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Glucosamine and Shellfish Allergy

Shellfish Allergy and Glucosamine

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Updated April 16, 2014

Updated April 16, 2014

What is Glucosamine?

Glucosamine is a natural substance that plays an important role in the formation and repair of healthy cartilage. It is a popular dietary supplement, often taken in combination with chondroitin sulfate, and is used for the treatment of osteoarthritis.

What is the Concern with Glucosamine in People with Shellfish Allergy?

Glucosamine is often made from the shells of shrimp, crab and lobster, and therefore people with shellfish allergy are advised against taking this supplement. In some countries, synthetic glucosamine is available. Chondroitin sulfate is made from cattle or shark cartilage.

Is Glucosamine Safe for People with Shellfish Allergy?

At the present time, people with shellfish allergy are advised not to take glucosamine. However, there is no evidence that glucosamine contains shellfish proteins, which are the part of shellfish responsible for causing symptoms of food allergy.

Two small studies, with a total of 22 people, showed that people with shellfish allergy could take glucosamine without allergic reactions. These studies suggest that glucosamine does not contain shellfish proteins, and can be safely taken by people with shellfish allergy.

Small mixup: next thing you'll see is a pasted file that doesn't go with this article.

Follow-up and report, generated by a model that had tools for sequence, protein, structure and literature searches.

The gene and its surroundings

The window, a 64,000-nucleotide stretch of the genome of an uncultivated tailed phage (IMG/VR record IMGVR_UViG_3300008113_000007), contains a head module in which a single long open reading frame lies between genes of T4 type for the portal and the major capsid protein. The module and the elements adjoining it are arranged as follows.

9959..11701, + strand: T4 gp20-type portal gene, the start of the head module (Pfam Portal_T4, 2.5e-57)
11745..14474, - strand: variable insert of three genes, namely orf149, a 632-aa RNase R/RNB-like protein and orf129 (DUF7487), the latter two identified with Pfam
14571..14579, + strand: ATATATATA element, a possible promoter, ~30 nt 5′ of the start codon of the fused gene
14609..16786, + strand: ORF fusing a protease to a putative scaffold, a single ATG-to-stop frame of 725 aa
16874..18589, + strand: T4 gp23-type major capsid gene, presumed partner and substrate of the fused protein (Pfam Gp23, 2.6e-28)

However, given the small number of people studied to date, it would be prudent for people with shellfish allergy to check with their physician prior to taking glucosamine. A referral to an allergist may be warranted, with the consideration of a medically supervised oral challenge to glucosamine.

Want to keep learning? Find out more about alternative therapies in the treatment of allergic disease.

Sources:

Gray HC, Hutcheson PS, Slavin RG. Is Glucosamine Safe in Patients with Seafood Allergy? J Allergy Clin Immunol. 2004; 114:459-60.

J. Villacis, T. R. Rice, L. R. Bucci, J. M. El-Dahr, L. Wild, D. DeMerell, D. Soteres, S. B. Lehrer. Do Shrimp-Allergic Individuals Tolerate Shrimp-Derived Glucosamine? Clinical & Experimental Allergy. 2006;36 (11):1457–1461.

3. Drugs and Supplements: Glucosamine. MayoClinic.Com. Accessed February 26, 2007.

DISCLAIMER: The information contained in this site is for educational purposes only, and should not be used as a substitute for personal care by a licensed physician. Please see your physician for diagnosis and treatment of any concerning symptoms or medical condition.

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